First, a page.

Stick to your own and keep them clean. (I know you’ve got a stash of anti bacterial wipes at home already so you might as well make use of them.)

Golf equipment vs Covid: Balls

Same rules. Touch your own and no one else’s.

Don’t leave yourself in a situation where you would need to even think about touching someone else’s golf balls.

Found a Pro V1 in the woods? Great! Well, any other time it would be. Leave it there.

So make sure you have plenty of balls in your bag because the rough is going to be a bit thicker than normal. Why not use this as an opportunity to treat yourself to some new balls? It’s up to you if you’d rather look for a TitleistTaylorMadeCallaway or Srixon in the trees…

Golf equipment vs Covid: Tees

I know it’s tempting, particularly on a par-3, to grab a broken tee left on the tee box and use that. But that needs to stop. You have no idea who has touched them.

In fact, while we are on this point, just don’t leave broken tees on the ground full stop. Take them with you and put them in the bin when you get home.

Don’t worry if your stock is running low, you can buy shed loads of wooden tees for next to nothing.

Or, if you want to be more environmentally friendly, why not give these 100% sustainable bamboo tees from Ocean Tee a try?

Golf equipment vs Covid: Trolleys

It seems that hire trolleys will remain off-limits for the foreseeable future so maybe now is time to upgrade to one of your own?

There are plenty of impressive options from both Motocaddy and PowaKaddy.

If you need to buy one, I really like the Motocaddy M3, which starts from £749.99, and the compact Powakaddy CT6, from £649.99. Both brands have impressive push model options, too.

If they’re a bit out of your price range and want something simple, try the Masters 1 Series, which will give you change from £40.

Golf equipment vs Covid: Rakes

OK, not something you’d normally have in your bag but England Golf have already stated all rakes are to be removed from the course.

If you want to play your part in keeping the course neat, why not add one into your own setup? You can get full rakes for next to nothing in the supermarket and Amazon has one you can attach to the end of your club.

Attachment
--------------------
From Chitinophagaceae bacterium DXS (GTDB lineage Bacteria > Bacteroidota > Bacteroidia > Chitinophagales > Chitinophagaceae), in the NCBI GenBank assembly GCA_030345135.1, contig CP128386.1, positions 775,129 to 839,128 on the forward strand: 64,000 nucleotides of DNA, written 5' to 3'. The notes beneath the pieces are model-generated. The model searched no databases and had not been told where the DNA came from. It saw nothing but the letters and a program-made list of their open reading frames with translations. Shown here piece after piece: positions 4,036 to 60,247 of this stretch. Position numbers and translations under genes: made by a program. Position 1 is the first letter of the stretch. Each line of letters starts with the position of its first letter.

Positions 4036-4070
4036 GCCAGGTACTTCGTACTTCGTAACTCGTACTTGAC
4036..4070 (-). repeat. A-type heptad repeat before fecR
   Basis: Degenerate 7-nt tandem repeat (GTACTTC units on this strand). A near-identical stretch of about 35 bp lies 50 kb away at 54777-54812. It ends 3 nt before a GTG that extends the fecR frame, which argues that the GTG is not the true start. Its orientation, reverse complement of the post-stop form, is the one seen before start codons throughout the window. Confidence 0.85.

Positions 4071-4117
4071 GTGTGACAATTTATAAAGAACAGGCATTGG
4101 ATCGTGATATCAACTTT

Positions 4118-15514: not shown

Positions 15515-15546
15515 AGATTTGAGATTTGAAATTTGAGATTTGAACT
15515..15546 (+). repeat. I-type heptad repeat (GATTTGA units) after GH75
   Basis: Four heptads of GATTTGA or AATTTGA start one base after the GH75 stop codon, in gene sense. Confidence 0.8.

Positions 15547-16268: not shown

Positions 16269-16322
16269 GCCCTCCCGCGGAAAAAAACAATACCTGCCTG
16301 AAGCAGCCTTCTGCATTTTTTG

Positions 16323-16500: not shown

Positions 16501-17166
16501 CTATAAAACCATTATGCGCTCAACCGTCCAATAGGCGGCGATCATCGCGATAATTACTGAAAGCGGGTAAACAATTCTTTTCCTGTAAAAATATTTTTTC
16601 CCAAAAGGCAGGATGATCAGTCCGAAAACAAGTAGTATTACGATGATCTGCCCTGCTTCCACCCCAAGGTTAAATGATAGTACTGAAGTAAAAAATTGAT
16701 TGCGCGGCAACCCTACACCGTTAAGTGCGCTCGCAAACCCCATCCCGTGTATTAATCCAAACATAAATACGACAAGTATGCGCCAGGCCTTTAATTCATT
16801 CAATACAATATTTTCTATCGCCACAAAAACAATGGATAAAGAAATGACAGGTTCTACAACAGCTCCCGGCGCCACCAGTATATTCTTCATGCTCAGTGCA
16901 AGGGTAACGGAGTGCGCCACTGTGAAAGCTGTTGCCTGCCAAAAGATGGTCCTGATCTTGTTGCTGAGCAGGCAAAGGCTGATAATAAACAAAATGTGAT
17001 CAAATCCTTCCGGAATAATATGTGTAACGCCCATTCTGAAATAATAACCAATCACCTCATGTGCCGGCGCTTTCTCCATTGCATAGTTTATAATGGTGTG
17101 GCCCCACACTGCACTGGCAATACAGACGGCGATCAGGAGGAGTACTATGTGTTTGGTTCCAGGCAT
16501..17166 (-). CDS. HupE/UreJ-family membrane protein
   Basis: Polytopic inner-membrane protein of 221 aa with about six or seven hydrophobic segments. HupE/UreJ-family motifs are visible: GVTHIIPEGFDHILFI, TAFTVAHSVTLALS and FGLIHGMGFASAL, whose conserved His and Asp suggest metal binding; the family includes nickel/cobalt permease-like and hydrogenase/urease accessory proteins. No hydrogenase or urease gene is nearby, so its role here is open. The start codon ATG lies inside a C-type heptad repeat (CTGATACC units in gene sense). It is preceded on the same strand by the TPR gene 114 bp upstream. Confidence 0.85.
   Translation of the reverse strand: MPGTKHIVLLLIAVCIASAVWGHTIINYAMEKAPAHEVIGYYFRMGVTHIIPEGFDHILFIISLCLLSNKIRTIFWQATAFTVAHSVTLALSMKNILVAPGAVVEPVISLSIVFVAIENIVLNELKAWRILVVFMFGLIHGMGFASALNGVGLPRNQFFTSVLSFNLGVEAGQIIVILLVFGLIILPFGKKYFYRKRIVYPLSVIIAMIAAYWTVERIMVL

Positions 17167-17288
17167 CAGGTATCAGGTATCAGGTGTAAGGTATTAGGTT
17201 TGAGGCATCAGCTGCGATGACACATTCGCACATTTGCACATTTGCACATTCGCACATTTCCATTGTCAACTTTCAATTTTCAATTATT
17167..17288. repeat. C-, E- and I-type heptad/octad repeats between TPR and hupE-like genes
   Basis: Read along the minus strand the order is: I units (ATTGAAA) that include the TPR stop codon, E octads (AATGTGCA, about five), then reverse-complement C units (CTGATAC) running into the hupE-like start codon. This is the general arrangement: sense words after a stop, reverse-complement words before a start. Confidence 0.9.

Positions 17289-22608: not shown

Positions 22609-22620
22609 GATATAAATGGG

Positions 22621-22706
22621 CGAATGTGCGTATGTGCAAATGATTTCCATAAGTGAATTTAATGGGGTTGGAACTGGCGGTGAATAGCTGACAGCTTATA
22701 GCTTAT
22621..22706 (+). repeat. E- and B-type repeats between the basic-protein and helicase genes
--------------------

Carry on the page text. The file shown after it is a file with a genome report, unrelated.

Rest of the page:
But remember, as with everything else, don’t let anyone else touch your rake.

Golf equipment vs Covid: Anything else?

Other items that won’t be available include ball cleaners so my advice would be to carry a damp towel or flannel on your bag.

Also, remember all bins have to be removed from the course or covered and not used so make sure you take a bag of some sort to stash your rubbish while you play.

And don’t touch the flagsticks!

Enjoy your round. And remember: Play Safe, Stay Safe.

world handicap system golf

Posted by & filed under Blog.

If it seems ages ago that we were talking about the dawn of the World Handicap System, that’s because it is. The new way of measuring our ability was introduced in the UK in November.

But successive lockdowns have meant many of us have barely had a chance to get to grips with terms like Course Handicaps and Slope.

As we now return to the golf course, and with the season upon us, we’re going to be dealing with our World Handicap System Indexes for the first time in a meaningful way.

In an interview with our partner National Club Golfer, Gemma Hunter, England Golf’s head of handicapping and course rating, reveals 5 key things you need to know about the World Handicap System.

1. Your World Handicap System Index and Course Handicap are not the same thing

Now we’ve moved into the new world of WHS you have two numbers you need to remember. One is your Handicap Index, which is the exact calculation of your handicap. This is equivalent to what was your CONGU handicap.

This number [usually expressed to a decimal point] is the average of the best eight of your last 20 scores – in terms of the score differential.

So if people ask ‘what’s your handicap?’ That’s your Handicap Index and that’s how we compare each other now.

Let’s look at Course Handicap. Whenever you play on a golf course, wherever you are, your index is going to change and you’re going to have a different Course Handicap.

It looks at the difficulty of that golf course for the scratch and bogey player and works out what your Course Handicap is based on the slope rating of the golf course you are playing.

2. Your Course Handicap can change depending on the course, or even the tees from which you are playing

Let’s say you are playing your home golf course: your white tees have a slope rating of 145, your yellow tees are 125, and your red tees (for men) are rated at 95. You’re going to have three very different Course Handicaps over those golf courses.

You’re going to lose shots on the red colour, you’re going to gain a few on the yellow and you’re going to gain quite a lot on the whites.

It’s all about the difficulty for the two players – scratch and bogey – playing that particular golf course.

We’re not comparing Course A to Course B. We’re comparing the same golf course but for two players of different ability.